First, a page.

House Hunting Deals Destined for Doom

House Hunting Deals Destined for Doom
  • Opening Intro -

    You're shopping for a new home and have surveyed the market. Prices are good, you are approved for a mortgage and it just a matter of time before you find the home of your dreams.

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Before you make your offer, you’ll want to check carefully to ensure that your home doesn’t have the following deal breakers or what can ultimately doom your purchase.

1. No central air-conditioning — Unless you live in areas of the country where summer temperatures are moderate, you’ll find that air-conditioning is necessary to help keep your air cool and clean. Window units are fine where a/c is an occasional need, but a strong and working central air-conditioning system is necessary everywhere else. Without a system in place, you’ll invest about $7,000 for a new one.

2. Insufficient plumbing or electrical lines — The owner is proud of his finished basement, a project he handled on weekends over the past few years. New carpeting is in place, the room is dry and a bathroom has been installed. Check that bathroom carefully as the toilet may not get rid of waste on the first flush. Also, look around for electrical outlets and connections. Problems with plumbing or electricity may not be enough to stop a sale, but can cost you dearly later on.

3. An older kitchen — You love the house, its location, and the neighborhood in general. But, why are you skittish about making a deal? It’s the kitchen, that’s why. The cabinets are fine, nothing that a coat of paint and new hardware can’t make look great. The problem is with the appliances including the aged electric stove, the dicey dishwasher and the old refrigerator. Moreover, the sink hasn’t seen an update since the 1970s. Expect to pay at least $3,000 to whip this kitchen into shape and by then you’ll want new counters, new flooring and other updates that will add to this cost.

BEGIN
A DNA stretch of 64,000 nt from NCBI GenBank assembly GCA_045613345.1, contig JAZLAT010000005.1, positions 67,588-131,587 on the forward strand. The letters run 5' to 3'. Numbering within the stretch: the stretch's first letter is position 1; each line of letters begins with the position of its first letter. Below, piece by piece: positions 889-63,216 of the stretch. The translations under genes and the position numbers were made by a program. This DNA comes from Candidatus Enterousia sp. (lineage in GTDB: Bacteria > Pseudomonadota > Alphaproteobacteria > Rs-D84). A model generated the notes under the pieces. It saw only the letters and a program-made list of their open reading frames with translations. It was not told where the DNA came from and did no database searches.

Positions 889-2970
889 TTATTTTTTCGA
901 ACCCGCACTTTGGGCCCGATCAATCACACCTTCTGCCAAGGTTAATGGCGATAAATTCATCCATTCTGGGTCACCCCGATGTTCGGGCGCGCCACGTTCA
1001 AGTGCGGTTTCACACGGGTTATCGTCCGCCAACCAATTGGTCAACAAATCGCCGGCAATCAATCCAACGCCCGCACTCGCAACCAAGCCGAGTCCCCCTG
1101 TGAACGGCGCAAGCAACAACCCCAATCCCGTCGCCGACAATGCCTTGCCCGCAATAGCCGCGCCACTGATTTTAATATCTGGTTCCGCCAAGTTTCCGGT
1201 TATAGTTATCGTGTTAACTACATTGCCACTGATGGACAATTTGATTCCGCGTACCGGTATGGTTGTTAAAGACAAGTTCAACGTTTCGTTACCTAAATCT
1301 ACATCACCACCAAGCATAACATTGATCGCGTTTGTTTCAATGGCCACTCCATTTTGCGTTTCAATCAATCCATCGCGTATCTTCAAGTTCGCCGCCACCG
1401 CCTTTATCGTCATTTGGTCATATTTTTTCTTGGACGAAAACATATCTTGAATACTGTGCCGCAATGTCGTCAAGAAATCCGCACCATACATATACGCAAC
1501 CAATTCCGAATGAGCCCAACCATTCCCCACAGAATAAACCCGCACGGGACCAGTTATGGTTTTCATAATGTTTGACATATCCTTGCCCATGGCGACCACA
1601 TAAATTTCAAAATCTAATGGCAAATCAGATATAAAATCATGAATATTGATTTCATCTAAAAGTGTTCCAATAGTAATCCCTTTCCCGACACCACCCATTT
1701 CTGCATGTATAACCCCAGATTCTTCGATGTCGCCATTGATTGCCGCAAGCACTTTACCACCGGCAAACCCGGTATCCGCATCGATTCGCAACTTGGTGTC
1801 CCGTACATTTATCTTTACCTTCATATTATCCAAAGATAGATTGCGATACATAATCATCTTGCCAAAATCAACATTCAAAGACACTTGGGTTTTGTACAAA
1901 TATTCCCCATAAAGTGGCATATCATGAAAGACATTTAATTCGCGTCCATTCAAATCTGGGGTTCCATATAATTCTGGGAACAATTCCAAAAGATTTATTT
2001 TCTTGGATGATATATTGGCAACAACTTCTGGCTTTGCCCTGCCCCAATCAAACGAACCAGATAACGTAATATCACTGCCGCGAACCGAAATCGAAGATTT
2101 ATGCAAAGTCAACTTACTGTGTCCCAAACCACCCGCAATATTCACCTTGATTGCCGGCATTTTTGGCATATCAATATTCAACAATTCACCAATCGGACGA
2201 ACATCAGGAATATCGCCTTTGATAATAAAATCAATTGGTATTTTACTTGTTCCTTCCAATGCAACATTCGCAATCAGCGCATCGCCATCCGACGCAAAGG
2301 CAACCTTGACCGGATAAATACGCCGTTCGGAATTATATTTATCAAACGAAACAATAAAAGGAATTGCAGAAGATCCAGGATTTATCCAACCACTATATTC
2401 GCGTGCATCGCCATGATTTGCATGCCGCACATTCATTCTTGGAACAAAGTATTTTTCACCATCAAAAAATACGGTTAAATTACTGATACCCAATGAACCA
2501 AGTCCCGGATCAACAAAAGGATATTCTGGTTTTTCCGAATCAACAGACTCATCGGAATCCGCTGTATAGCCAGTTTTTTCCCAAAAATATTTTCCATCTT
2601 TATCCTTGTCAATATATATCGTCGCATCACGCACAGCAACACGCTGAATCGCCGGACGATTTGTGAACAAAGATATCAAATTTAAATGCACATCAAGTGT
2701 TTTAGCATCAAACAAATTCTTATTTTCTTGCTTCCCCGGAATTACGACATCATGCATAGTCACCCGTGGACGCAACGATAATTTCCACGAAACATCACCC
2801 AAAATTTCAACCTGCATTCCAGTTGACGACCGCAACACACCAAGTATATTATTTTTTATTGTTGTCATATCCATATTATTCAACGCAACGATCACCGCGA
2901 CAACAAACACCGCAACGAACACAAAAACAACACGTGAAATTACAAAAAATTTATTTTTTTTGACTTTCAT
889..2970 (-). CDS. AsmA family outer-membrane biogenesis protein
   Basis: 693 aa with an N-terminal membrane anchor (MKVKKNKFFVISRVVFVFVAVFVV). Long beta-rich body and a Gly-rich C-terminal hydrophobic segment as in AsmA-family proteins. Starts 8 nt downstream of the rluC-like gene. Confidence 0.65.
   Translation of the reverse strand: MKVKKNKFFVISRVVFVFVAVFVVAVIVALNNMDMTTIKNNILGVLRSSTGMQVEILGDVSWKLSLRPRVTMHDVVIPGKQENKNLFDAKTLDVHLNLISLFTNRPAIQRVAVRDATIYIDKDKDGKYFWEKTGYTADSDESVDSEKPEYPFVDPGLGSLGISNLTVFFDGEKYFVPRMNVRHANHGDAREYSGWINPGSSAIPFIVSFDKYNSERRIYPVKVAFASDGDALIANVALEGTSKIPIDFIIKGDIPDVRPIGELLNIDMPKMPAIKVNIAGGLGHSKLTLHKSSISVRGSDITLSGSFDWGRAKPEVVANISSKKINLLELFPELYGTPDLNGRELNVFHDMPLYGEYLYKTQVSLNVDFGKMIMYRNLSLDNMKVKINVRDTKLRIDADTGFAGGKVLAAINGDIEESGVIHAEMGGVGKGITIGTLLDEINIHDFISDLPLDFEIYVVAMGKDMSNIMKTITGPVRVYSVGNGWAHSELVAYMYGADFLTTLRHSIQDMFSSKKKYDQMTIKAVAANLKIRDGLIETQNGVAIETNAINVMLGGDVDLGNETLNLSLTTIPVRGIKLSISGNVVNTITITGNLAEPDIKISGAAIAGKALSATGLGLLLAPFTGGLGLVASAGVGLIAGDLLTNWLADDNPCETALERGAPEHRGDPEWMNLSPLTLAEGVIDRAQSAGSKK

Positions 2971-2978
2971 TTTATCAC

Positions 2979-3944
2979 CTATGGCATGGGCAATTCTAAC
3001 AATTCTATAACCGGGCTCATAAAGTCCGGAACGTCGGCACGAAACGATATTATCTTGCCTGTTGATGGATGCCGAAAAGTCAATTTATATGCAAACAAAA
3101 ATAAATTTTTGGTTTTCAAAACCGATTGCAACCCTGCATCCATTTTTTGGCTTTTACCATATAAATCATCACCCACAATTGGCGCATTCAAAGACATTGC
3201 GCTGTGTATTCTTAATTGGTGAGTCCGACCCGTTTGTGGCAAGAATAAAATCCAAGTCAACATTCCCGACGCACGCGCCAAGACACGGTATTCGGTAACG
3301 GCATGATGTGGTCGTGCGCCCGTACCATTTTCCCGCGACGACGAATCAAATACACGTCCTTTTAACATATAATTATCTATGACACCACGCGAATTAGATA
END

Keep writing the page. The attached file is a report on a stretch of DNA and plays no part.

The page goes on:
4. Flooring problems — The wood floors in the dining room are beautiful, stained and level. Unfortunately, you cannot say the same for the rest of the house. The living room has a shag carpet circa 1975. The main bathroom floor is stained and cracked. One or two bedrooms have floors that creak and groan as you walk across the surface. If this home doesn’t have a deeper structural issue, it will still cost you thousands of dollars to make each room pretty.

5. A patchwork roof — At first glance, the roof doesn’t look that bad. On closer inspection, you can see that some shingles have been replaced. Look along the chimney and air vents, and you may wonder if the flashing is in place. The biggest problem with this roof is that it tends to leak during heavy rains. Patching no longer helps and to put a new roof on will mean removing two layers of shingles, replacing most of the plywood, hanging new gutters and downspouts, and installing new soffits. When all is said and done, you’re looking at a bill that is well above $10,000.

Renovations Now

Certainly, you can use whatever problems you find with the home you want to buy as leverage in your negotiating. If the owner decides not to mix repairs, you need to discount your offer accordingly. Keep in mind that whatever renovations you handle will inconvenience you. Installing new central air is one thing, but renovating a kitchen while you’re living in the home can be a major headache. With the latter, you may simply wish to cancel the deal.

See AlsoHow to Clear Snow From Your Roof

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Categories: Home Structure

About Author

Matthew C. Keegan

Matt Keegan is a freelance writer and editor as well as publisher of "Auto Trends Magazine", an online publication. Matt covers campus, consumer, business and financial topics on various websites and weblogs, and has been published in the "Houston Chronicle", "Sam's Club Magazine" and "Wisconsin Golfer".